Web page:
***Make sure to bring bear spray on any hike, just as a precaution. I have never had to use mine, but you never know. Also, know that bear bells are a rip-off and may actually attract a bear. It’s better to just talk loud and and even yell at times so that any nearby animals know you are coming. You just don’t want to surprise them! Keep kids by you at all times and do not let them run ahead on the trails. If you are going to Glacier, I assume you are interested in doing some sort of hiking. For more information on the park’s hiking options, go to
Drive the Going-To-The-Sun Highway
I would highly suggest getting an earlier start on this so that you can get a parking spot up at the Logan Pass Ranger Station. If you arrive early in the morning around 5 or 6 am, you may see some bighorn sheep in the parking lot as they like to lick the car fluids off of the pavement. There will also definitely be a place to park and less people. The later you wait, the busier it gets. Around 10-11, you may have to be creative and patient with parking.
1) Hidden Lake Hike
After parking in the Logan Pass parking lot, be ready for a short mile or so hike to Hidden Lake, where you could see a variety of wildlife such as mountain goats, grizzly or black bear, prairie dogs, marmots, and I’ve even seen a wolverine (a rare find) up here.
2) The Highline Trail (Garden Hose Trail)
Crossing the street from the Logan Pass parking lot is the Garden Hose Trail. If you aren’t planning on making a day hike of it to visit the Grinnell Glacier Overlook and hike all the way down to Swiftcurrent (about 15 miles), the simply make the short walk to the hike and take a picture or two while holding onto the garden hose.
3) A couple of other quick must-sees along the road are:
-Wild Goose Island Photo Spot
-Avalanche Lake Trail
-Lake MacDonald Lodge
Many Glacier and Swiftcurrent
About 15 minutes north of St. Mary, make sure to stop for dinner at Two Sisters. I love the chili burger and their huckleberry milkshakes! Then, drive into the park toward Many Glacier and Swiftcurrent, my favorite portion of the park and a hiker/animal lover’s paradise. Plan on spending a couple of nights in this area. There are a couple places inside and outside of the park that are worth staying at in this area.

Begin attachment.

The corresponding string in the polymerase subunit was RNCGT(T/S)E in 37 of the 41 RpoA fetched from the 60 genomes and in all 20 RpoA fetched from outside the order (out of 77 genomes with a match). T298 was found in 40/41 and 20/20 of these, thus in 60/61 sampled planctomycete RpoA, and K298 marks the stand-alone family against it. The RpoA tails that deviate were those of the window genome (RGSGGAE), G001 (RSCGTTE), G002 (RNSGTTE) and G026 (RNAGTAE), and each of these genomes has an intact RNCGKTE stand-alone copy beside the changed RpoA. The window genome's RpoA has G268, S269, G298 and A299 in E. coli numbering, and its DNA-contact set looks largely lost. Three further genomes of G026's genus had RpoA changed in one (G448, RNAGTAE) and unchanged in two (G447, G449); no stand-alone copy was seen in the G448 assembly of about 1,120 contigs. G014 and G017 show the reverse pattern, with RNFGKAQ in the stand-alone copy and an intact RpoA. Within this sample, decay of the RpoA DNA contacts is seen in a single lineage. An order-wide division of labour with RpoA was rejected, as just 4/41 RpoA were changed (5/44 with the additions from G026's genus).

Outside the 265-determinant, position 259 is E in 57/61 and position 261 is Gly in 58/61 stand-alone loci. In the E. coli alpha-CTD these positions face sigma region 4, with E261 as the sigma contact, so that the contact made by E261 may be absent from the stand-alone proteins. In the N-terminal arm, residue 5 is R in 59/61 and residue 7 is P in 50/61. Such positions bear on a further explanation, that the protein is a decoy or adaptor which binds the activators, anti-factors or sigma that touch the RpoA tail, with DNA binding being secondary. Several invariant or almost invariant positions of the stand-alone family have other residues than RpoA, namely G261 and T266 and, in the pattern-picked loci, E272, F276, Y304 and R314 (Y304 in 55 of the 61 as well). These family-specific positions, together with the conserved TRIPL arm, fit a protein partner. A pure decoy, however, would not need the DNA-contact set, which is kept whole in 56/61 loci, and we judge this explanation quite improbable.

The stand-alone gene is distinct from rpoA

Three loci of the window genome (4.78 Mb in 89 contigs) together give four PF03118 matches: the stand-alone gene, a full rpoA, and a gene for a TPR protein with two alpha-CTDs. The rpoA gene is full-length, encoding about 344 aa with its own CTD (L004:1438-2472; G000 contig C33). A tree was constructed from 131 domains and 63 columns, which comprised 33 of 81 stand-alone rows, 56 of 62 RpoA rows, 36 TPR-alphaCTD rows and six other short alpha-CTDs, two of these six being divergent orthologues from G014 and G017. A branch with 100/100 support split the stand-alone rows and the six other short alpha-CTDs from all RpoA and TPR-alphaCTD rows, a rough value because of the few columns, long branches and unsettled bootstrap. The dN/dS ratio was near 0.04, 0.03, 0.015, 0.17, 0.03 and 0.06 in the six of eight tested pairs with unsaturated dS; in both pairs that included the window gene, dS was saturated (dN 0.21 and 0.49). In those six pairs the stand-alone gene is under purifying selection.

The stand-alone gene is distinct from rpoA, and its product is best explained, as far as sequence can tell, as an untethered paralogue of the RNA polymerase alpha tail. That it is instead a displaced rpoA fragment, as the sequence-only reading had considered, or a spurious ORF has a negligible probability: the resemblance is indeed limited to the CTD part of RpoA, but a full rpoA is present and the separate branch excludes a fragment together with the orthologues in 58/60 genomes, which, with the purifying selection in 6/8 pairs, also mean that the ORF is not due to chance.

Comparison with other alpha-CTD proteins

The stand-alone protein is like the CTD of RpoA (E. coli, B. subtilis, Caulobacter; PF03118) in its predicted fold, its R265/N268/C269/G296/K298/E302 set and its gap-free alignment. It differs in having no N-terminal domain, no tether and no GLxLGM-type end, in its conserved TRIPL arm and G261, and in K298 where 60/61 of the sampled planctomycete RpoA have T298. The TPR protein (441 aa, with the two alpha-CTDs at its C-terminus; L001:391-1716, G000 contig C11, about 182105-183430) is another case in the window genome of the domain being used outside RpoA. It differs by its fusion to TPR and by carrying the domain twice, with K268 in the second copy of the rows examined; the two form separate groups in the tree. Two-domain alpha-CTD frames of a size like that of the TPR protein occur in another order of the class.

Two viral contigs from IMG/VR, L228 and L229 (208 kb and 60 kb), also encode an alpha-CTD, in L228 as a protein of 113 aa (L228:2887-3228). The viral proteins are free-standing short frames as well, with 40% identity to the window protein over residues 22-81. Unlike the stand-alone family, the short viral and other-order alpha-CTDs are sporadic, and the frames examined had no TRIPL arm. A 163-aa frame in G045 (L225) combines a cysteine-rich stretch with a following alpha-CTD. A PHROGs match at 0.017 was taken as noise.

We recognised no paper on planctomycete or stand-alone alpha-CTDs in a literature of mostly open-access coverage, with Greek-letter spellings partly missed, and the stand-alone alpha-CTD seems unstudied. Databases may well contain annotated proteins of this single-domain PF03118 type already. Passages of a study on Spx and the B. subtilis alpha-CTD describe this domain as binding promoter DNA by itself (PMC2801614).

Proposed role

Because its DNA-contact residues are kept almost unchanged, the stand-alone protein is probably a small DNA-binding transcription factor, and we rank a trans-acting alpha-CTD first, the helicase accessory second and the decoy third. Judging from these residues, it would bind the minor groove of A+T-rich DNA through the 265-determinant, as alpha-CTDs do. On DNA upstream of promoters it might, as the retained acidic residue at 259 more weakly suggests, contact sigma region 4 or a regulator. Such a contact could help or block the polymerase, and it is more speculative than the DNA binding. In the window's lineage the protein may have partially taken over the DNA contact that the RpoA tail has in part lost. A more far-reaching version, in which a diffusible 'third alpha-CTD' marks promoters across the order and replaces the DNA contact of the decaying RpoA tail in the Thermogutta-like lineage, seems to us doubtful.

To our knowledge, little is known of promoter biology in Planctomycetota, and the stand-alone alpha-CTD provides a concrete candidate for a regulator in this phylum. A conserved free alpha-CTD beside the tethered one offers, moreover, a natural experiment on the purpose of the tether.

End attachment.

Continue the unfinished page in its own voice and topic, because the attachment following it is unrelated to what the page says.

Once outside the Swiftcurrent Motor Inn doorway, continue down the sidewalk toward the trailhead. Half a mile into the trail you will see a sign for Fishercap Lake. If you want to see a moose or moose family, try stopping by around 6-8 pm (if you don’t see one the first time, try again!). Bring your lawn chairs and try to be quiet so you don’t scare them off! I have seen a moose here about 80% of the times I have gone.
Also, it’s worth going further down the trail to Red Rock and even Bullhead Lake (if you are up for a 5 mile hike on flat ground. Red Rock is a perfect place to dip your feet in and enjoy the good weather.
Here, feel free to hang out in the lodge itself or on the deck and just enjoy the view. In front of you, you will see Swiftcurrent Peak and to the right Mt. Wilbur and Shangri La. There are nice views of the valley from behind the hotel up on the hill and make sure to explore the waterfall area as you turn onto the hotel road.
Also, either go on a horseback ride tour toward Cracker Lake or rent kayaks/canoes here at Swiftcurrent Lake. You can also rent kayaks/canoes at Two Medicine. If you are a boat cruise person, they have that here as well, but remember that the cruise will show you two different lakes and there is a short half mile hike between the two boats.
3) Shangri La Hike
If you are up for carving your own trail and feel comfortable with hiking in these parks, take a group and hike to the top of Shangri La. This is a more advanced hike and you may run into some grizzlies (but I haven’t yet and I’ve hiked up it about 10 times). The view from the top is breathe-taking and you can slide down the scree field on the other side down toward Iceberg Lake. To find the trailhead, you will begin hiking the Swiftcurrent Trail towards Red Rock. About a mile or so in as you approach the snow-filled gully between Mt. Wilbur and Shangri La, there will be what looks like a lesser travelled trail that branches off to the right into the trees (it is immediately after one of the shallow river crossings).